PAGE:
Keli Walls was hanging clothes, stacking books and vacuuming floors Thursday in preparation for the grand opening of her new store — Faze II.
It’s a fitting name.
Faze II is a thrift store, and the inventory will soon enter its second phase of retail life.
The name also befits one of the store’s owners. Walls recently moved to Craig for the second time.
Walls, who was raised in Craig, moved to Austin, Tex., at age 19. Now, at 20, she has returned.
“I guess I just missed the mountains,” she said of her decision to return.
During the year Walls was a Texan, she filled out the U.S. Census Survey. And, even though she’s a Craig resident now, the 2010 Census data, which was released Wednesday, won’t reflect her new status.
And, maybe it doesn’t matter.
Kate Nowak, executive director of Yampa Valley Partners, said the population numbers in Moffat County and Craig haven’t changed significantly in a long time.
“Moffat County has not changed dramatically in population in…20 years,” Nowak said.
That claim is supported by the 2010 Census data.
Over the 10 years since data was last collected in 2000, the population of Craig has grown by 275, or 2.99 percent. Moffat County has grown by 611, or 4.63 percent.
Rio Blanco County showed more growth over the same period. Its population grew by 680, or 11.36 percent. The town of Meeker grew by 233, or 10.39 percent.
The biggest population growth in Northwest Colorado took place in Routt County. Its population grew by 3,819, or 19.4 percent. Steamboat Springs grew by 2,273, or 23.16 percent.
Nowak said second-home owners could be a reason for the growth in Routt County.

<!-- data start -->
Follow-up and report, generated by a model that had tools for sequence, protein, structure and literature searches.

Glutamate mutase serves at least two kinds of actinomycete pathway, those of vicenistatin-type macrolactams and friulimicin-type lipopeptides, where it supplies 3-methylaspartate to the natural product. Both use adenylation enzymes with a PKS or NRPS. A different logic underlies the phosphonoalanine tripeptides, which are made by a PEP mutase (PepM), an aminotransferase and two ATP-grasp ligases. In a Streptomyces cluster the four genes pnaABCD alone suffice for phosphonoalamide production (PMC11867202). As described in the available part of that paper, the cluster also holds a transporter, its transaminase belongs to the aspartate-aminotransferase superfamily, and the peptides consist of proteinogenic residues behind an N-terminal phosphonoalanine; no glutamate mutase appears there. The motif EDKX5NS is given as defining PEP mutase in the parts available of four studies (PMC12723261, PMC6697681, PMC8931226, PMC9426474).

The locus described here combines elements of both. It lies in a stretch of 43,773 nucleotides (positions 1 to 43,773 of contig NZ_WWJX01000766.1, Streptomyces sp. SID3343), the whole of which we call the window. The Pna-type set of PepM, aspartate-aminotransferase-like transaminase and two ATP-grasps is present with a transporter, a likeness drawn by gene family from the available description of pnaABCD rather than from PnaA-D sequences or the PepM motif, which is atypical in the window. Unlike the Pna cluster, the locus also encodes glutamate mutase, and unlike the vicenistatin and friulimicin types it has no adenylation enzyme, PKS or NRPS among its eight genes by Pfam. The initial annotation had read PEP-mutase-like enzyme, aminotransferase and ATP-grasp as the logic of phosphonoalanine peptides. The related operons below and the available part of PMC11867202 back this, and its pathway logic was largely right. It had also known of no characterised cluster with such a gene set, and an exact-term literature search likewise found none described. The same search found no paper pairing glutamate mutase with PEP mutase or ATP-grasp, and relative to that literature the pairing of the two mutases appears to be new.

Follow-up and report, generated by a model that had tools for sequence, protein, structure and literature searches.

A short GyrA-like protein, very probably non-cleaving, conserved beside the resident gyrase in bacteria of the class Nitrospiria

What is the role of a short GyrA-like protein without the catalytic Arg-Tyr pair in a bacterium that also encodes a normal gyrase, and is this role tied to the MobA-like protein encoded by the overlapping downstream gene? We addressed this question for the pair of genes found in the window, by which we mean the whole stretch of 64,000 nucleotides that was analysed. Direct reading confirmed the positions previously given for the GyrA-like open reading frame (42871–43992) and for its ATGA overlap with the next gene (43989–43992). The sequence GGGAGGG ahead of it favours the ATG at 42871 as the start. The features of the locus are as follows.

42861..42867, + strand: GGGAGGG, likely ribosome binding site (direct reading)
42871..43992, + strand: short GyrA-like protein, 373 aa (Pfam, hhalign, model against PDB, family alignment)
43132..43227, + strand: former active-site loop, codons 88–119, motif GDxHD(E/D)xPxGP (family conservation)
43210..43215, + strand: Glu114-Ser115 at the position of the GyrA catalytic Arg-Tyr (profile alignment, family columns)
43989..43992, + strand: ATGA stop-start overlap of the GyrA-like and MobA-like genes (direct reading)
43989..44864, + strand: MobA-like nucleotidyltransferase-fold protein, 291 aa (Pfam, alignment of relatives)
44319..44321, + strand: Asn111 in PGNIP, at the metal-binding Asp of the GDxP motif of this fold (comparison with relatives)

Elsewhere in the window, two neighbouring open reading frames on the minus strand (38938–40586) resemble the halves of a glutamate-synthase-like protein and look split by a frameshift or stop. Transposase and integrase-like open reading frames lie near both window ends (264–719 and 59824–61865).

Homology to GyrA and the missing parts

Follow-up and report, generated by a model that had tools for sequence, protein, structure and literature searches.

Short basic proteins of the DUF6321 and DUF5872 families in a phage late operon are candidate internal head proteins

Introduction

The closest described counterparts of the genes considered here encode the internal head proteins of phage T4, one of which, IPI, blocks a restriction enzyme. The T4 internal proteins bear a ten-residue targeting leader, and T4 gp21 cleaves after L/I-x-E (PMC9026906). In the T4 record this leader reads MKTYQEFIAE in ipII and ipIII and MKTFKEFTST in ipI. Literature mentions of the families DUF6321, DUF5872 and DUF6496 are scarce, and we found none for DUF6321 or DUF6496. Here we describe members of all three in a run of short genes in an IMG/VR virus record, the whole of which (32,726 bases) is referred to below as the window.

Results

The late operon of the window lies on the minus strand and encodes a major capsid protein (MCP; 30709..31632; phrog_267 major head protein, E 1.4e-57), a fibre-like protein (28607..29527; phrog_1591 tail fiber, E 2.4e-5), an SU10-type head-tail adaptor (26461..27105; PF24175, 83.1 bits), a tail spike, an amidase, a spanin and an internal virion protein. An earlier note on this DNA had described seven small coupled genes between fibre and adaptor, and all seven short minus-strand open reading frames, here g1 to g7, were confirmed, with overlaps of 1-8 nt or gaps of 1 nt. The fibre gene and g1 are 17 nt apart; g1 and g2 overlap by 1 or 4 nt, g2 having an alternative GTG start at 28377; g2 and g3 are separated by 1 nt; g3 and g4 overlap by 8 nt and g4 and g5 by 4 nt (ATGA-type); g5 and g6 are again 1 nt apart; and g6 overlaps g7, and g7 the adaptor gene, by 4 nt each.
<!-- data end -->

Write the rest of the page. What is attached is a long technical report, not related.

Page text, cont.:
“Their kids are grown, so they’re relocating,” Nowalk said. “And, that happens a lot.”
Moffat County, on the other hand, is steady, she said.
Nowak said her organization gathers year-to-year data from the IRS that shows how many people move in an out of the area every year. It correlates well with the Census data, she said.
“It basically hasn’t changed much,” she said. “There isn’t a lot of movement in Moffat County as far as a great exodus of people or a great influx of people.”
Darcy Owens-Trask, director of Craig/Moffat Economic Development Partnership, said the lack of growth isn’t discouraging, especially in light of the weak economy.
“We have to remember there are places in Colorado and in the West that have chronic out-migration,” Trask said. “That’s not the case in Moffat County.”
Trask said that recent mineral leasing activity in Moffat County is an encouraging sign for future growth.
“There’s a lot of oil and gas activity right now in terms of leasing,” she said. “There are going to be some exploratory wells in the spring. If those are strong producers, we’ll potentially see a little boom associated with that.”
And, Trask said if growth in Moffat County continues to be slow and steady, maybe it will keep the majority of people happy.
“I know that there is a certain segment of the population that loves Moffat County very much, and would be perfectly delighted if we didn’t have any new folks,” she said. “On the other hand, in terms of economic growth, it’s important that we have new folk coming to town, new businesses coming to town, and economic opportunity.
“So, maybe some slow steady growth is just where we’d like to be.”
Walls said she’s happy she returned to Craig.
“I missed it,” she said. “I missed Colorado.
“I’ll be here for a while.”
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